(4) A declaration that the redemption request dated the 31st December 2011 served on Medley by Nautical for and on behalf of Fintan (the “Redemption Request”) is invalid and of no effect.

On 6 March 2012, Fintan instituted proceedings in the New York state court against Medley, claiming breach of contract and seeking declarations that the side letter governed the terms of redemption of the Nautical shares from Medley. At the instance of Medley, Fintan’s New York proceedings were anti-suited by injunction by the Cayman court and Fintan was restrained from prosecuting its New York case seeking the opposite declaratory relief pending the outcome of Cayman proceedings which Medley had already commenced.

For hedge funds to whom judicial efficiency is a factor in determining jurisdictions in which to establish themselves, the Financial Services Division of Cayman’s Grand Court was specifically created to deal principally with disputes concerning Cayman’s fund and trust industries, and the court heard the Medley matter in a little under four months from the date proceedings were commenced. Given the events that have taken place in the financial services industry in recent years and the complex and high value disputes to which those events have given rise, it may be increasingly important to hedge funds and their managers to have the assurance of high quality dispute resolution, which is capable of operating at the speed appropriate for the dispute and which can offer a broad range of relief to litigants.

The Issues in the Medley Case
There were two main issues : (1) given the restructuring plans to which Nautical had signed up, was Medley still bound by the terms of its articles of association relating to redemptions so that it had to honour Nautical’s redemption request? (2) could Nautical enforce the terms of the side letter in respect of its redemption requests?

Issue 1: was Medley still bound to honour Nautical’s redemption requests post-restructuring?
Among its arguments deployed on this issue, Medley contended that by signing up to the 2008 and 2009 plans Nautical (as the shareholder of record) had agreed to substitute its right to redeem under the terms of the articles, for quarterly cash payments by way of partial redemptions. Medley argued that it was entitled, under its articles of association, to enter into such bilateral agreements with its shareholders, and by entering into such an agreement with Medley, Nautical was estopped (i.e. prevented in law) from relying on the terms of the articles relating to redemption. Medley argued that any interpretation of the 2008 and 2009 plans which meant that investors could elect to enter the plans but nevertheless still maintain their pre-existing rights to redeem, would be a commercial nonsense and make the 2008 and 2009 plans pointless. Medley contended that by signing up by each plan to receive quarterly cash distributions, Nautical had waived whatever redemption rights it had previously held under the articles.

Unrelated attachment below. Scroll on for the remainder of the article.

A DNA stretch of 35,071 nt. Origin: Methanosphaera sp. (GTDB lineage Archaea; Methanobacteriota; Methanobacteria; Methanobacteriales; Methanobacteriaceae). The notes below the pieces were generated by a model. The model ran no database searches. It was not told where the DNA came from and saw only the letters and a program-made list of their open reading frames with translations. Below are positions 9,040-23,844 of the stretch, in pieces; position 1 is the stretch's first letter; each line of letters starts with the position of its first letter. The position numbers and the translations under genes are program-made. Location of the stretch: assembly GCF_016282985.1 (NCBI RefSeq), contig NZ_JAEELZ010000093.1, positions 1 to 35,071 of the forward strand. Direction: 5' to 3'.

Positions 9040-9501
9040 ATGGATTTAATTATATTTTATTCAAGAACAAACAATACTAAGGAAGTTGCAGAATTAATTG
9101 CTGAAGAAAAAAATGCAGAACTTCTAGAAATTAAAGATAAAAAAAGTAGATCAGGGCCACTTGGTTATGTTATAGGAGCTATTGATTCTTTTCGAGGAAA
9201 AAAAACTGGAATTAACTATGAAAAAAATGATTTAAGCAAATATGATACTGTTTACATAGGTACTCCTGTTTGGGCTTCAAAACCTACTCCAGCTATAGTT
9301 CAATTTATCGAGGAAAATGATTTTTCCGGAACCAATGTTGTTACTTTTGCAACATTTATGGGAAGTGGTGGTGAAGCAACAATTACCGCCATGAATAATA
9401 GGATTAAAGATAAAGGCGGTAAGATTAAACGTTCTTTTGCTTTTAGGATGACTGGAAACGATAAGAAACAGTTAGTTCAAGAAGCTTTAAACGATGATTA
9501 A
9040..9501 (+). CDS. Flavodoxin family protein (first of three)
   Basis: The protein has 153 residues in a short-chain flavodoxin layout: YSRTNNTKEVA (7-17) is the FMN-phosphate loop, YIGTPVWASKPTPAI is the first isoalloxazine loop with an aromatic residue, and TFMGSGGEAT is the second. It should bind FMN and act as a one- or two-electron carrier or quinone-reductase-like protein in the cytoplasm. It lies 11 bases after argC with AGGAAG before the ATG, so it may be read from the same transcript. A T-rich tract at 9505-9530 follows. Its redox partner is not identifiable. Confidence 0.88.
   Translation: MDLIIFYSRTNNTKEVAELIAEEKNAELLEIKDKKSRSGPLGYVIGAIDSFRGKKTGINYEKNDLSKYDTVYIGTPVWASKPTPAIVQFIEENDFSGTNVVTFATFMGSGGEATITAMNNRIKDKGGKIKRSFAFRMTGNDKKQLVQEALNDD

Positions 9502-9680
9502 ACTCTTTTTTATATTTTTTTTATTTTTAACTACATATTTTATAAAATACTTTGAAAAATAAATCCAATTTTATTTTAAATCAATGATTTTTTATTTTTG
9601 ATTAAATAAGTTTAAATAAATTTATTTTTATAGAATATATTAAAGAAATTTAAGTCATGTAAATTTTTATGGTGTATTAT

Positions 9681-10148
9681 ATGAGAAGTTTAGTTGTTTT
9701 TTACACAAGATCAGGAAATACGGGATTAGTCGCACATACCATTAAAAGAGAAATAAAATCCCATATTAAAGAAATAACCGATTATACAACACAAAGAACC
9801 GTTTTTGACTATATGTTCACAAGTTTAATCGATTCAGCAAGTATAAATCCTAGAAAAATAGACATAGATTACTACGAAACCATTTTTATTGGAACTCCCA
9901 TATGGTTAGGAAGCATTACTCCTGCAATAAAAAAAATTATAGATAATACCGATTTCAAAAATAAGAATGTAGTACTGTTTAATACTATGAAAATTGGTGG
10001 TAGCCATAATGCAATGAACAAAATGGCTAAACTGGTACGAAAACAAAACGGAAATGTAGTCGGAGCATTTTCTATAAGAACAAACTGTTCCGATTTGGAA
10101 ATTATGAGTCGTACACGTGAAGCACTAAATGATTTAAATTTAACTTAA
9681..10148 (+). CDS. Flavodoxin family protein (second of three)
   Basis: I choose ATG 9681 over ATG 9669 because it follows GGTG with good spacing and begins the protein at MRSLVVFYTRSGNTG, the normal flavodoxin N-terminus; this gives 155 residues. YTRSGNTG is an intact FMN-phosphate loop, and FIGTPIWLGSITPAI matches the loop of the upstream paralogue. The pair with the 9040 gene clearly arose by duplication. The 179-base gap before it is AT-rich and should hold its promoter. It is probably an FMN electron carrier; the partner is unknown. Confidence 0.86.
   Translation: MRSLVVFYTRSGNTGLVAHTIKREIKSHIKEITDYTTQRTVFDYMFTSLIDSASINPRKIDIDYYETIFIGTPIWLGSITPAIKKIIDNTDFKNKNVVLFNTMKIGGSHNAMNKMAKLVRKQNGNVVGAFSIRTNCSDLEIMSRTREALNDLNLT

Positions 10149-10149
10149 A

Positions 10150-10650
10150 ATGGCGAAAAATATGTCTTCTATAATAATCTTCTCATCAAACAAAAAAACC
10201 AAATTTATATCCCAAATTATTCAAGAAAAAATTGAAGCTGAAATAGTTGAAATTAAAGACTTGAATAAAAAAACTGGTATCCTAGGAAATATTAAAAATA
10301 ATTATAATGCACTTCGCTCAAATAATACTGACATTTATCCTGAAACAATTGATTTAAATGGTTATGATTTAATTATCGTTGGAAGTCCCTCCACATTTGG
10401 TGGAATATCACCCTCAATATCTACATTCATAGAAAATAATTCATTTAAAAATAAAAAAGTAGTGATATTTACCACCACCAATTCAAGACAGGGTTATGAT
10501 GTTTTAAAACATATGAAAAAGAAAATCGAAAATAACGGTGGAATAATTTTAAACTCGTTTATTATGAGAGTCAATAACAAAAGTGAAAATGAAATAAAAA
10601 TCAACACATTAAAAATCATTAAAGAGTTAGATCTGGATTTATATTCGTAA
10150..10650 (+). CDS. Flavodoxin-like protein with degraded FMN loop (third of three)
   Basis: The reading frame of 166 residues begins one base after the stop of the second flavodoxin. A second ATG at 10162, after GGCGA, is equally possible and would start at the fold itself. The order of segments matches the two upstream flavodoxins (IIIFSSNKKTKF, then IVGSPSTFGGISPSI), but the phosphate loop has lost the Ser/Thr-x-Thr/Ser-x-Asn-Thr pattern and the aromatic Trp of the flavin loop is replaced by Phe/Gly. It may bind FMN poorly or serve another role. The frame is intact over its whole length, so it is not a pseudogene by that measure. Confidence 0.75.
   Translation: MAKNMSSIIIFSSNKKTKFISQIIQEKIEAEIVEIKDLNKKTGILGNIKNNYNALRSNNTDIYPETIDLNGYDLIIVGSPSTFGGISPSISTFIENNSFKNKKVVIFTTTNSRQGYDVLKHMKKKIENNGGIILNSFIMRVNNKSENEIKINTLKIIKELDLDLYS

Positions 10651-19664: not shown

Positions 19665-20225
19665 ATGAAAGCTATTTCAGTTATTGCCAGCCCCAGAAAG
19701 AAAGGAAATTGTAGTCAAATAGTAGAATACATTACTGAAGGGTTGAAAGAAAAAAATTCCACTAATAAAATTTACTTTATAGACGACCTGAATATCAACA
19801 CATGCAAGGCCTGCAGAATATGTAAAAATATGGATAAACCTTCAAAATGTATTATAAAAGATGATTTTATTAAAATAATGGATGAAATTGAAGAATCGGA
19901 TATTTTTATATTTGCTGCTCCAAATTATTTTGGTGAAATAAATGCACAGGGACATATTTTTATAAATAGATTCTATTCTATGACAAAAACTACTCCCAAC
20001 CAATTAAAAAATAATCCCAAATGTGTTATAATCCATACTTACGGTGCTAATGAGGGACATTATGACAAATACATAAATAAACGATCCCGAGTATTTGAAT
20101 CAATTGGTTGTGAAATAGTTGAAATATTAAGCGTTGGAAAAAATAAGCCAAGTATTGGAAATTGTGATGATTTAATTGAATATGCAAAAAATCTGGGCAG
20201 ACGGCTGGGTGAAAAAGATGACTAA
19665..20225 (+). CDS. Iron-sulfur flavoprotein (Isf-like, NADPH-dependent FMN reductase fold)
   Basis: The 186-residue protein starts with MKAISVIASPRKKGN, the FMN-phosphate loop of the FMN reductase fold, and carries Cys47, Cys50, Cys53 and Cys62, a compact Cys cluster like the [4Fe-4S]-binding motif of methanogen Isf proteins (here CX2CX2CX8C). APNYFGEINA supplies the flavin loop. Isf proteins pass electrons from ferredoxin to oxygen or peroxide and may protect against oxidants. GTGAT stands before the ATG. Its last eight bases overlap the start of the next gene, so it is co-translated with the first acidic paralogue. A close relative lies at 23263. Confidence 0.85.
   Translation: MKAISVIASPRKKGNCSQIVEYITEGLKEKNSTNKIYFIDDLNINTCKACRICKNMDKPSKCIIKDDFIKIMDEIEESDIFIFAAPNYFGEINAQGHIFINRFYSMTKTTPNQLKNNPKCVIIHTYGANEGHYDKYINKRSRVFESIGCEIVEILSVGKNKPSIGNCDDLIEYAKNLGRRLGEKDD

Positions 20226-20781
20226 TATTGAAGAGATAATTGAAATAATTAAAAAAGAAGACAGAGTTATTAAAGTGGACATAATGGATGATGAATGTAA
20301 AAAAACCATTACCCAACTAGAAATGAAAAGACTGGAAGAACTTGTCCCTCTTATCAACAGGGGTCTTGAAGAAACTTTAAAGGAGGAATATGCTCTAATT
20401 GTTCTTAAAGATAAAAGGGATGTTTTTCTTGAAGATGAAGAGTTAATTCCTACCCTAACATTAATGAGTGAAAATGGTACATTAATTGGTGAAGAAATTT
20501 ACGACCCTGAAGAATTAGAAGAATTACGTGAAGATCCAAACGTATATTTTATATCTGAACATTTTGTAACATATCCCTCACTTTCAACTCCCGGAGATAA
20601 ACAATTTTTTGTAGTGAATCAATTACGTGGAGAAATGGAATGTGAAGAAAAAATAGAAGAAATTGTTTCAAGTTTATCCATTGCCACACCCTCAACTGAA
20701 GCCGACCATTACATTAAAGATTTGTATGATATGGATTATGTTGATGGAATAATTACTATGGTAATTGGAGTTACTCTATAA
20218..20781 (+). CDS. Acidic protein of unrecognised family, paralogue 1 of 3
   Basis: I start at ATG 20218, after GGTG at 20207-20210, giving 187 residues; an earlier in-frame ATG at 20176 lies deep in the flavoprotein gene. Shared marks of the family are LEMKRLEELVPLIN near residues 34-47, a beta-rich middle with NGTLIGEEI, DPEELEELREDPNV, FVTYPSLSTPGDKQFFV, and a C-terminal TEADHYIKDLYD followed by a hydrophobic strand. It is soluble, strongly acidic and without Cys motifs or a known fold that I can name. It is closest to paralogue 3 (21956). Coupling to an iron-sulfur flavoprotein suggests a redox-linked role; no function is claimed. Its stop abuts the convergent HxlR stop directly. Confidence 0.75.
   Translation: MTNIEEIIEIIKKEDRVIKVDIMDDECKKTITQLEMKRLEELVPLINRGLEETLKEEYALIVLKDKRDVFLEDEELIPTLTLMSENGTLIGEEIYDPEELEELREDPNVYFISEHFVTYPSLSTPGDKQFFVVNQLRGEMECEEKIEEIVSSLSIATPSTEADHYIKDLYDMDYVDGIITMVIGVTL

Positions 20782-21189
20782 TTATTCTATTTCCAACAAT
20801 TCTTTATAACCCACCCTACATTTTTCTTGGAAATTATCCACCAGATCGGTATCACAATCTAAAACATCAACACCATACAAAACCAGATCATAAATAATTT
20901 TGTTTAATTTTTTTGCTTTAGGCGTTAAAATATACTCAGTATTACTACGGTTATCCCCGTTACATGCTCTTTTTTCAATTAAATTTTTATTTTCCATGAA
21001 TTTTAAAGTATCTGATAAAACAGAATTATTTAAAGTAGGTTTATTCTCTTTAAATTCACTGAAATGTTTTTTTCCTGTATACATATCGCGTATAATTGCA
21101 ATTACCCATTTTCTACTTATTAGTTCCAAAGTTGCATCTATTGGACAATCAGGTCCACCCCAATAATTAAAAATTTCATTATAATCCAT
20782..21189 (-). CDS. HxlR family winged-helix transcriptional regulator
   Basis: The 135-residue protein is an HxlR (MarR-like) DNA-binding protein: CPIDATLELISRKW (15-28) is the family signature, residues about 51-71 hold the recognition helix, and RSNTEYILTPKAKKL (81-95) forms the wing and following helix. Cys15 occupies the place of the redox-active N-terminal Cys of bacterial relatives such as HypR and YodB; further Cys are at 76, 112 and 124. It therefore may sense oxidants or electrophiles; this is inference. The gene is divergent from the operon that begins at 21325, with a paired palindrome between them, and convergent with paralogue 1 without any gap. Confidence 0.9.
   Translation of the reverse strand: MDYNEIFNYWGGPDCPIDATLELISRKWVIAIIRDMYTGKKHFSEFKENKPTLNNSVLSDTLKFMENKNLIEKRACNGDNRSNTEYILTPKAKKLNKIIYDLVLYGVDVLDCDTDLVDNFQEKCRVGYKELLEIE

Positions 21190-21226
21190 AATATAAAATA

Fintan and Nautical argued that the language of the 2008 and 2009 plans did not clearly spell out that approving and entering into them would restrict future redemption rights and that the terms of the articles of association should prevail over any document or agreement which conflicted with them. Fintan and Nautical also contended that the terms of the 2008 and 2009 plans were ambiguous and in consequence they fell to be construed against Medley (as the plans were promulgated by Medley).

The judge (Quin J.) accepted Medley’s arguments. He held that Medley had the requisite authority to enter into the plans with its investors and that Nautical had, by the terms of the documents it had signed approving the plans, agreed to “all the terms described in [Medley’s] letter in respect of the [plans].” The question then was the correct interpretation of the terms and purpose of the plans. In arriving at his decision on this issue, the judge relied heavily on, and quoted extensively from, the recent decision of the UK Supreme Court in Rainy Sky SA v Kookmin Bank [2011] UKSC 50 in which Lord Clarke JSC considered the leading authorities concerning the interpretation of commercial documents, and concluded that the essence of the judge’s task when interpreting a commercial document which was capable of having more than one meaning, was to adopt the interpretation which was most consistent with business common sense (not, one might hope, a surprising or difficult conclusion).

Quin J. concluded his analysis on this issue by holding, at para 93 of the Judgment: “Upon reviewing the letters sent on behalf of the [Medley] setting out the purpose and proposed terms of the 2008 and 2009 variations, and in light of the Rainy Sky principles comprehensively set out by Lord Clarke, I find that the plain commercial purpose of Option 2 in both variation agreements was to require [Nautical] to exchange its existing redemption rights for periodic cash distributions effected pro rata with all other investors accepting this Option. This allowed [Medley] to have the advantage of minimizing a liquidity squeeze and avoiding a fire sale of assets. The benefit to [Nautical] and all the members was to allow [Nautical] to benefit from the expected recovery in asset prices, to avoid a disorderly scramble for assets under liquidation, and to be treated equally and fairly, with the other members.”

And at para 97 he indicated in trenchant terms his view of the position taken by Fintan and Nautical: “It would cause great confusion and make no sensible commercial business sense if members such as [Nautical] were allowed to enter into these agreements [i.e. the restructuring plans] only to then try and redeem and enforce a redemption right by a different route.”

Issue 2: could Nautical claim the benefit of the enhanced terms of the side letter?
As Nautical had given up its redemption rights through its election to enter into option 2 in each of the 2008 and 2009 plans, this issue did not, strictly speaking, arise for decision as the terms of the side letter only applied to the proceeds of redemption requests and periods of suspension. The judge did however consider this second issue and again accepted Medley’s arguments.